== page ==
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Ingest Data with Dataflows Gen2 in Microsoft Fabric

Microsoft Fabric offers a unified solution for data engineering, integration, and analytics. A crucial step in end-to-end analytics is data ingestion. Dataflows (Gen2) are used to ingest and transform data from multiple sources, and then land the cleansed data to another destination. They can be incorporated into data pipelines for additional data movement, and used as a data source in Power BI.

Imagine you work for a retail company with stores across the globe. As a data engineer, you need to prepare and transform data from various sources into a format that is suitable for data analysis and reporting. The business requests a data model that consolidates disparate data sources from the different stores. Dataflows (Gen2) allow you to prepare the data to ensure consistency, and then stage the data in the preferred destination. They also enable reuse and make it easy to update the data. Without a dataflow, you’d have to manually extract and transform the data from every source, which is time-consuming and prone to errors.

In this module, we explain how to use Dataflows (Gen2) in Microsoft Fabric to meet your data ingestion needs.

Data Folow in Microsoft Fabric

Understand Dataflows (Gen2) in Microsoft Fabric


In our scenario, you need to develop a data model that can standardize the data and provide access to the business. By using Dataflows (Gen2), you can connect to the various data sources, and then prep and transform the data. To allow access, you can land the data directly into your Lakehouse or use a data pipeline for other destinations.

What is a dataflow?

Dataflows are a type of cloud-based ETL (Extract, Transform, Load) tool for building and executing scalable data transformation processes.

Dataflows (Gen2) allow you to extract data from various sources, transform it using a wide range of transformation operations, and load it into a destination. Using Power Query Online also allows for a visual interface to perform these tasks.

Fundamentally, a dataflow includes all of the transformations to reduce data prep time and then can be loaded into a new table, included in a Data Pipeline, or used as a data source by data analysts.

How to use Dataflows (Gen2)

Traditionally, data engineers spend significant time extracting, transforming, and loading data into a consumable format for downstream analytics. The goal of Dataflows (Gen2) is to provide an easy, reusable way to perform ETL tasks using Power Query Online.

If you only choose to use a Data Pipeline, you copy data, then use your preferred coding language to extract, transform, and load the data. Alternatively, you can create a Dataflow (Gen2) first to extract and transform the data. You can also load the data into a Lakehouse, and other destinations. Now the business can easily consume the curated data model.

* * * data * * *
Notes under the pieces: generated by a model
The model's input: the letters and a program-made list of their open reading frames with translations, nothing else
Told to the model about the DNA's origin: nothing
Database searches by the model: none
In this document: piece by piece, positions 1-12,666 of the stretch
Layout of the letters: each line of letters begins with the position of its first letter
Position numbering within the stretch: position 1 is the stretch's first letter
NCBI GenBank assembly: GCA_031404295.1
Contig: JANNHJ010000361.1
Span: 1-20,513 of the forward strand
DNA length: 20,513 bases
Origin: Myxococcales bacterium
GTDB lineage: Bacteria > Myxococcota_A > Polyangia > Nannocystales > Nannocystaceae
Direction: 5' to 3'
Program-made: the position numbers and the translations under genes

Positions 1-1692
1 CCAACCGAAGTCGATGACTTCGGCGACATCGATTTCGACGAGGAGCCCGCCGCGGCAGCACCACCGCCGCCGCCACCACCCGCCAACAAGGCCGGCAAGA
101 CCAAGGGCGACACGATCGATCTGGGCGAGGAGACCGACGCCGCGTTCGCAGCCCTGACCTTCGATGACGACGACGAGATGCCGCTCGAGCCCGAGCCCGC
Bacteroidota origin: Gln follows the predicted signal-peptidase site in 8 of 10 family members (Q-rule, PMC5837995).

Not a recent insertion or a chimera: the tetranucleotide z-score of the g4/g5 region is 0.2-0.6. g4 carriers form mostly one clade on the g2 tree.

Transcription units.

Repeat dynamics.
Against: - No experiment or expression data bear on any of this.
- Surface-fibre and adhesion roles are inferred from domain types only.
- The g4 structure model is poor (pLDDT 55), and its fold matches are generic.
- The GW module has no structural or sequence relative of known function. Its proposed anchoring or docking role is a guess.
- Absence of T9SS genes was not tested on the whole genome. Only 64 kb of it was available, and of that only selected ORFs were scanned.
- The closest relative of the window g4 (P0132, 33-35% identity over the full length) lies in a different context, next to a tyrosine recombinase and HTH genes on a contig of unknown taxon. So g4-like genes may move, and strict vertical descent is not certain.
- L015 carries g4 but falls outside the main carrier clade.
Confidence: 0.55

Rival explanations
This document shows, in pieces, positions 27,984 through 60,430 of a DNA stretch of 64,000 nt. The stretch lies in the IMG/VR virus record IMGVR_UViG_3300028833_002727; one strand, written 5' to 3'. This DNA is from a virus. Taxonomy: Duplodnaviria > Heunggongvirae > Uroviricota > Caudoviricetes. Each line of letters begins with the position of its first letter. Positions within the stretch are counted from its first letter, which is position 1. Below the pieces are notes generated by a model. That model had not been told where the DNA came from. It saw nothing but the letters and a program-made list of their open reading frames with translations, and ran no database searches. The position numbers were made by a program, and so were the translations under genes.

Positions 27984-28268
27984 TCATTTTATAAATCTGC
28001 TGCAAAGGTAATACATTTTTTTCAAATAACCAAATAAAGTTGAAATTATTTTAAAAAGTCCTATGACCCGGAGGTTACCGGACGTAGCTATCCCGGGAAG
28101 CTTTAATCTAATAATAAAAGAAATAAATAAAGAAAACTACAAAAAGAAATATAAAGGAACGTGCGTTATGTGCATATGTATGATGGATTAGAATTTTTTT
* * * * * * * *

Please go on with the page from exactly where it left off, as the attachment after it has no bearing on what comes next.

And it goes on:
Adding a data destination to your dataflow is optional, and the dataflow preserves all transformation steps. To perform other tasks or load data to a different destination after transformation, create a Data Pipeline and add the Dataflow (Gen2) activity to your orchestration.

Another option might be to use a Data Pipeline and Dataflow (Gen2) for ELT (Extract, Load, Transform) process. For this order, you’d use a Pipeline to extract and load the data into your preferred destination, such as the Lakehouse. Then you’d create a Dataflow (Gen2) to connect to Lakehouse data to cleanse and transform data. In this case, you’d offer the Dataflow as a curated dataset for data analysts to develop reports.

Dataflows can be horizontally partitioned as well. Once you create a global dataflow, data analysts can use dataflows to create specialized datasets for specific needs.

Dataflows allow you to promote reusable ETL logic that prevents the need to create more connections to your data source. Dataflows offer a wide variety of transformations, and can be run manually, on a refresh schedule, or as part of a Data Pipeline orchestration.

Benefits and limitations

There’s more than one way to ETL or ELT data in Microsoft Fabric. Consider the benefits and limitations for using Dataflows (Gen2).


  • Extend data with consistent data, such as a standard date dimension table.
  • Allow self-service users access to a subset of data warehouse separately.
  • Optimize performance with dataflows, which enable extracting data once for reuse, reducing data refresh time for slower sources.
  • Simplify data source complexity by only exposing dataflows to larger analyst groups.
  • Ensure consistency and quality of data by enabling users to clean and transform data before loading it to a destination.
  • Simplify data integration by providing a low-code interface that ingests data from various sources.


  • Not a replacement for a data warehouse.
  • Row-level security isn’t supported.
  • Fabric capacity workspace is required.